World gas demand growth falls behind demand growth for coal in the latest International Energy Outlook (IEO) by the Energy Information Administration (EIA). The agency said this is the first time since it started the IEO in 1990 that the pace of gas demand growth has fallen behind that of coal, and the main reason this has happened is the higher projected prices for gas and oil.

“The higher oil prices in this year’s reference case raise the projected demand for, and price of, natural gas,” EIA said. “Natural gas consumption increases on average by 2.4% per year from 2003 to 2030 [from 95 Tcf to 182 Tcf]. The higher natural gas prices also make coal more cost competitive, especially in the electric power sector.” As a result, coal demand is projected to grow by about 2.5% per year, just slightly faster than gas demand.

In North America, EIA notes, high gas prices are expected to discourage construction of gas-fired generation in the mid-term. As a result, only about 130 GW of new gas-fired capacity is expected to be added over the 2003-2030 forecast period, compared to 154 GW of coal-fired generation. U.S. gas consumption from power generation is projected to peak in 2020 at 7.5 Tcf, followed by a decline to 6.4 Tcf in 2030.

Gas prices in North America are expected to remain relatively high throughout the period, leading to slower gas demand growth in the industrial sector from 8.3 Tcf in 2003 to 10 Tcf in 2030. Residential and commercial gas demand growth also slows. Demand in those sectors reaches 9.6 Tcf in 2030 from 8.3 Tcf in 2003. The end result is that gas demand remains essentially flat in the United States throughout the forecast period, EIA said.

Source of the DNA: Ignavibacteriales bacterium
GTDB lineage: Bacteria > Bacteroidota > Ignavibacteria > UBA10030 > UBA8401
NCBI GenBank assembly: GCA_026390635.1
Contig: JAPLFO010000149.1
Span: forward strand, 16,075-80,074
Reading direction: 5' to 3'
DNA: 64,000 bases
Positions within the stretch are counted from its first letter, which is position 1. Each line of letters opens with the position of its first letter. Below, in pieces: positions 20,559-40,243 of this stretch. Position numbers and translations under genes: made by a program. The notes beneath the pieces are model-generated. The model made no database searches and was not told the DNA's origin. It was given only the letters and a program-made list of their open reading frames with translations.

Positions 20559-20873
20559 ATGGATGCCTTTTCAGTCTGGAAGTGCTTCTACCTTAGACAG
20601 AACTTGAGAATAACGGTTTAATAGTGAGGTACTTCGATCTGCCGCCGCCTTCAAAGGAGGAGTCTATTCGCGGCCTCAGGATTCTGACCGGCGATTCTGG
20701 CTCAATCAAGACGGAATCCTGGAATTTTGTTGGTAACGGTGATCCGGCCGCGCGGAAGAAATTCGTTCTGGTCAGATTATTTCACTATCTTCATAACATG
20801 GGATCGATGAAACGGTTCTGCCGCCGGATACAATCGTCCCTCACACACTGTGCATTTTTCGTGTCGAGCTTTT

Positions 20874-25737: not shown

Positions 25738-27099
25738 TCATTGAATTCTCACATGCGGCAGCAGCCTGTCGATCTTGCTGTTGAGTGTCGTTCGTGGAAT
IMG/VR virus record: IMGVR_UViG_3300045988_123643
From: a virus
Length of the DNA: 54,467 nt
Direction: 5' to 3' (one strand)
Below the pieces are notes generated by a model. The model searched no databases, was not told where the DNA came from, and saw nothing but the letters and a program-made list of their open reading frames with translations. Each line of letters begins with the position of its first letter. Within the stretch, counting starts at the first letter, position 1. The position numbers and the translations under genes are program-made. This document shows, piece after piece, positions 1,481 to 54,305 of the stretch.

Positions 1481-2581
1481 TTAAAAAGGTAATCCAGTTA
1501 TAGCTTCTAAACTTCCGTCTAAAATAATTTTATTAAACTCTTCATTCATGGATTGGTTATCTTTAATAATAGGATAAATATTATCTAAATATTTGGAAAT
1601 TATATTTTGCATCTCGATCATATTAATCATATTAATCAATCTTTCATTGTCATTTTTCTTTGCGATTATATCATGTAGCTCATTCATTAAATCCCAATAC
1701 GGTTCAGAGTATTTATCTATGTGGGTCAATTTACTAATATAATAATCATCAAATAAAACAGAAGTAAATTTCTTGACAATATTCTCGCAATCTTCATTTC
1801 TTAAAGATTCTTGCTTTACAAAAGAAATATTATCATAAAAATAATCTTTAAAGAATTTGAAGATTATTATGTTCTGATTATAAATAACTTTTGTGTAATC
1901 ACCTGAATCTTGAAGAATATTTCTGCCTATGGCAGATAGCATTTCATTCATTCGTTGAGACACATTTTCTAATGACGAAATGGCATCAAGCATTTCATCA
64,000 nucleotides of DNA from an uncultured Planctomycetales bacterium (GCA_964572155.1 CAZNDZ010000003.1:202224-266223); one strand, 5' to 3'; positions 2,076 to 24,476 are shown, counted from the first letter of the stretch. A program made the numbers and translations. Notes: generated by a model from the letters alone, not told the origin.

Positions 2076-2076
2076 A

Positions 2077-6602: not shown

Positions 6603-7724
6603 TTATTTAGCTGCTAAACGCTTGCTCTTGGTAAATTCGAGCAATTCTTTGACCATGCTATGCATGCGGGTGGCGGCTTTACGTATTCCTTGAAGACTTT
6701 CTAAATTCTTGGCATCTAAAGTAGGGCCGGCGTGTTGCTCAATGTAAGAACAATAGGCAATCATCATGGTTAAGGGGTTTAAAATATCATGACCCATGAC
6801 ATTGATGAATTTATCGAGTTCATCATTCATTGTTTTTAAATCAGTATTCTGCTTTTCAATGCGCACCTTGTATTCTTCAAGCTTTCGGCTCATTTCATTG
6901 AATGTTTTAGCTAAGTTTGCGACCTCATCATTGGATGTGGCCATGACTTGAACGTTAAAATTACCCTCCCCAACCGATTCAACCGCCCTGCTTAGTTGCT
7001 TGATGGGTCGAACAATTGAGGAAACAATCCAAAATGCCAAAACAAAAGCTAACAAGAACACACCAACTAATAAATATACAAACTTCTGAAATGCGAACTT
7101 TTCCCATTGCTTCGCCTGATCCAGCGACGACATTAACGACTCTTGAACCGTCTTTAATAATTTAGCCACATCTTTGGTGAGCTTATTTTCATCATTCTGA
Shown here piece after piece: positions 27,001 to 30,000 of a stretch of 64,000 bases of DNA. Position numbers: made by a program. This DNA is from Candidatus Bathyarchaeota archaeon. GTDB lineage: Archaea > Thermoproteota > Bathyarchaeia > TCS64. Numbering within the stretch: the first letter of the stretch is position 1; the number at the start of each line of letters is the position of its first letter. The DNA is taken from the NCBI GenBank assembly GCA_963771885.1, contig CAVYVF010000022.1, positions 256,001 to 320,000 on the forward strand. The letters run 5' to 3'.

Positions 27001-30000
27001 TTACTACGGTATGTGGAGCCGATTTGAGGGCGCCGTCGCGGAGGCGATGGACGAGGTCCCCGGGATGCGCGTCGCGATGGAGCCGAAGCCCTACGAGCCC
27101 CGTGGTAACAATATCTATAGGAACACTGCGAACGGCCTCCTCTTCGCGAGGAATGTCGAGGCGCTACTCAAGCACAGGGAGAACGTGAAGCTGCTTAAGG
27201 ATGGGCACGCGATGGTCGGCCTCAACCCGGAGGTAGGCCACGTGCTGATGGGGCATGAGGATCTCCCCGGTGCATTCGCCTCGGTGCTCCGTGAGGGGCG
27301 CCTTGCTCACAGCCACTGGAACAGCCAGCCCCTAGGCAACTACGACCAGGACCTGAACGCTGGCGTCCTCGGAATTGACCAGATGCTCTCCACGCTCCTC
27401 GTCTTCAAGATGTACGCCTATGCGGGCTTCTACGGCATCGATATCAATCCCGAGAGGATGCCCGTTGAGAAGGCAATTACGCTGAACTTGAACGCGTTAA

Regarding gas supply to the U.S., EIA projects that liquefied natural gas (LNG) imports will replace Canadian imports as the primary imported source of gas in the U.S. by 2010. By 2030 LNG supply to the U.S. is expected to reach 4.4 Tcf/year. By 2030, Canada is expected to consume 85% of its own gas production leaving only 15% available for export.

As for domestic U.S. supply, EIA expects Alaskan gas production to account for most of the domestic supply growth over the period with flows down the proposed Alaska pipeline reaching 2 Bcf/d by 2030.

Worldwide crude oil demand is projected to grow by 1.4% per year. And world power consumption more than doubles from 14,81 billion kWh to 30,116 billion kWh in 2030.

Natural gas is expected to capture about 26% of total world energy consumption in 2030 compared to about 24% in 2003. The power and industrial sectors will remain the largest gas consumers over the period, capturing 31% and 44% of the total demand, respectively. By 2030, gas overtakes oil ad the fuel of choice in the industrial sector.

In EIA’s reference case, gas demand from non-OECD (Organization for Economic Cooperation and Development) countries grows more than twice as fast as in OECD countries, 3.3% compared to 1.5%, respectively. Natural gas demand from non-OECD countries accounts for 73% of the total world incremental gas demand growth over the period.

The IEO projects world energy use will grow to 722 quadrillion Btus by 2030 from 421 quads in 2003. Energy use is projected to grow much faster in the non-OECD countries, for example 3.7% per year in non-OECD Asia (which includes China and India). Economic growth in non-OECD countries is expected to average 5% per year compared to 2.6% per year in OECD countries. For more from the IEO, go to

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